I don't believe, in his gut, Kerry believes that we face an existential challenge with regard to the war on terror.I think he (Greg of belgraviadispatch.com) is right, Kerry doesn't believe we're facing an existential challenge. And neither do I. I think the present threat to the Western world is just like the threat to the UK from IRA. Except there are ten million who sympathize with the terrorists, not a hundred thousand. There is an underlying cause for grievance (repression, inequality) among a people bound by religious beliefs and cultural heritage. Among them is a small minority of (mostly) young men who have taken to arms.
I will give Bush (and the neocons) this: The long-term solution to Islamic terrorism is to remove the two major causes for grievance. Promoting democracy in the Middle East addresses one of them (the other being US support for the Israeli repression of Palestinians). Bush has made some progress, I think Arab dictators are more afraid and more inclined to change now than they have been in a long time. But in order to succeed you need success in one key area; you must win the hearts and minds of ordinary citizens. And here Bush is failing so miserably he has to go.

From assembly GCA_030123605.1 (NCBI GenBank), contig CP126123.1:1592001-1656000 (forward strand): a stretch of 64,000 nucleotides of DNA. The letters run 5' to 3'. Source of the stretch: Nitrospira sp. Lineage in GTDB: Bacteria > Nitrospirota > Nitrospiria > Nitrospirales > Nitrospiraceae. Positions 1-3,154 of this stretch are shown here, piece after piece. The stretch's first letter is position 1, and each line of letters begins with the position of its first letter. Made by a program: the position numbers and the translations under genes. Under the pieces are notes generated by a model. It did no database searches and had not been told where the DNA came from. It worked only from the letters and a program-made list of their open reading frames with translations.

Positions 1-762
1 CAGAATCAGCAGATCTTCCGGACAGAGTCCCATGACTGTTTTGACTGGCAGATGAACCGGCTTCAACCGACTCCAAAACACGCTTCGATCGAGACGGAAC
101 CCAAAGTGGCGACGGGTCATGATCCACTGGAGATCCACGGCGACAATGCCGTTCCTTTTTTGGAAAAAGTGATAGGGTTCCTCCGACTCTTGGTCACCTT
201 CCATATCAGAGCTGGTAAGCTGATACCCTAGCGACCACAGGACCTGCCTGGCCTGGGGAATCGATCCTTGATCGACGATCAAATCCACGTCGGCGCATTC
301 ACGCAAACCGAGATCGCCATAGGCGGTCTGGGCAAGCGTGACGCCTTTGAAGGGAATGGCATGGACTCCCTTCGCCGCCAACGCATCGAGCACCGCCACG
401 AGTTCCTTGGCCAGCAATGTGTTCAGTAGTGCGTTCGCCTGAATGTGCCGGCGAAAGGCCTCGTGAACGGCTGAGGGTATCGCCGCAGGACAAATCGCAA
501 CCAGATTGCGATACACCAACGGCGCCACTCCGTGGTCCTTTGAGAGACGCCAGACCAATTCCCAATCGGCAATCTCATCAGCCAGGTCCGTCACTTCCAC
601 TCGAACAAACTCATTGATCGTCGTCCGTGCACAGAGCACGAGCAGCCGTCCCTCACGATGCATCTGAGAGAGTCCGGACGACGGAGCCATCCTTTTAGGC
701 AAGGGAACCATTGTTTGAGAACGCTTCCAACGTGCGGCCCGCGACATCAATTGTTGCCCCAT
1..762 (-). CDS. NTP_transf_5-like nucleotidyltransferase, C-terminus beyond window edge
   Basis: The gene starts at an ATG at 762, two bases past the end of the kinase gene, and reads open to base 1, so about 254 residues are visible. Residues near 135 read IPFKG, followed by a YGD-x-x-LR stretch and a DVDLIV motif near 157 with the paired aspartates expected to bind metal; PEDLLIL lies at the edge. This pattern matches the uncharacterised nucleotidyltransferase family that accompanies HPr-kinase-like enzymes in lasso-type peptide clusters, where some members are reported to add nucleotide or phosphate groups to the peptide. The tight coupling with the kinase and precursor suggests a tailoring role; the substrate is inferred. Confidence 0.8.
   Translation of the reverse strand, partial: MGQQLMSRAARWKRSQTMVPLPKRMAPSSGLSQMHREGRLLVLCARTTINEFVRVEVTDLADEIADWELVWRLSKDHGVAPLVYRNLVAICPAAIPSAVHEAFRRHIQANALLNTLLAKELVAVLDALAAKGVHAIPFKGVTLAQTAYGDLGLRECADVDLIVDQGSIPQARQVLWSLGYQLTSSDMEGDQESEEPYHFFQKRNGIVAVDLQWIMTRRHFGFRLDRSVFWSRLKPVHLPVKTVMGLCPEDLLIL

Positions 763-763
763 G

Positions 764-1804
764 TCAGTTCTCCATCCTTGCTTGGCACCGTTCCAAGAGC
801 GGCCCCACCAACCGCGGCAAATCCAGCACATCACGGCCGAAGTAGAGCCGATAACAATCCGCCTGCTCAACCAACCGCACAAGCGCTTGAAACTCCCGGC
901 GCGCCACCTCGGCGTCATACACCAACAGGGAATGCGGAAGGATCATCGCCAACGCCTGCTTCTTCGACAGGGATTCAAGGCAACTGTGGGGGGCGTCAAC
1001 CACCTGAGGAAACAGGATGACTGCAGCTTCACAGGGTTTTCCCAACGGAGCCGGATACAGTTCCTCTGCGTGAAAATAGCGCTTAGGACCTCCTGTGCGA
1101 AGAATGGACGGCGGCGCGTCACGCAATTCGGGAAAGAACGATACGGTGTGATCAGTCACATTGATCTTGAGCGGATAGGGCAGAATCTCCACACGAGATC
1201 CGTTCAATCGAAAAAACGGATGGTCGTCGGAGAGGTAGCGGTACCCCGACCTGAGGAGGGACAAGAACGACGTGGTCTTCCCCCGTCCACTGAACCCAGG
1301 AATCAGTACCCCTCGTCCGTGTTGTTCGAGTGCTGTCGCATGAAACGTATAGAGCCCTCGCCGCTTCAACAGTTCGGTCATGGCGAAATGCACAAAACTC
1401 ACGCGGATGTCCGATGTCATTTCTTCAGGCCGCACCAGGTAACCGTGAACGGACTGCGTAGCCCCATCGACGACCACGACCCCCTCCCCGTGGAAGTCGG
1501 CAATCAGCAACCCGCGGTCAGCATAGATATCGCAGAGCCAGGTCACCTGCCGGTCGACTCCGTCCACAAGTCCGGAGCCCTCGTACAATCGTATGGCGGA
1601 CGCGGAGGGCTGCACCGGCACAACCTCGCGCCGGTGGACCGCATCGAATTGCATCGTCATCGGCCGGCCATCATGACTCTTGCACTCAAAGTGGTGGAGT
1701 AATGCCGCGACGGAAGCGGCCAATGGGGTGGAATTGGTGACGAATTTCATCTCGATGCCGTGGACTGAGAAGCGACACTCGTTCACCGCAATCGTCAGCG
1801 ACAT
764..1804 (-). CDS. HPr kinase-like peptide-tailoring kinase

Kerry may not scare as many Arab dictators, and he may favor a return to "normal" foreign relations which include propping up Arab dictators. He may (unlike Clinton) favor Bush's status quo on Palestine (most American Jews are Democrats, and the American public in general has been scared into silence over anything that has to do with Israel). But Kerry genuinely believes in multilateralism which means he can't possibly piss off as many people as Bush did. Add some fiscal responsibility and restraints on corporate hand-outs and I think you have a good enough reason to support Kerry.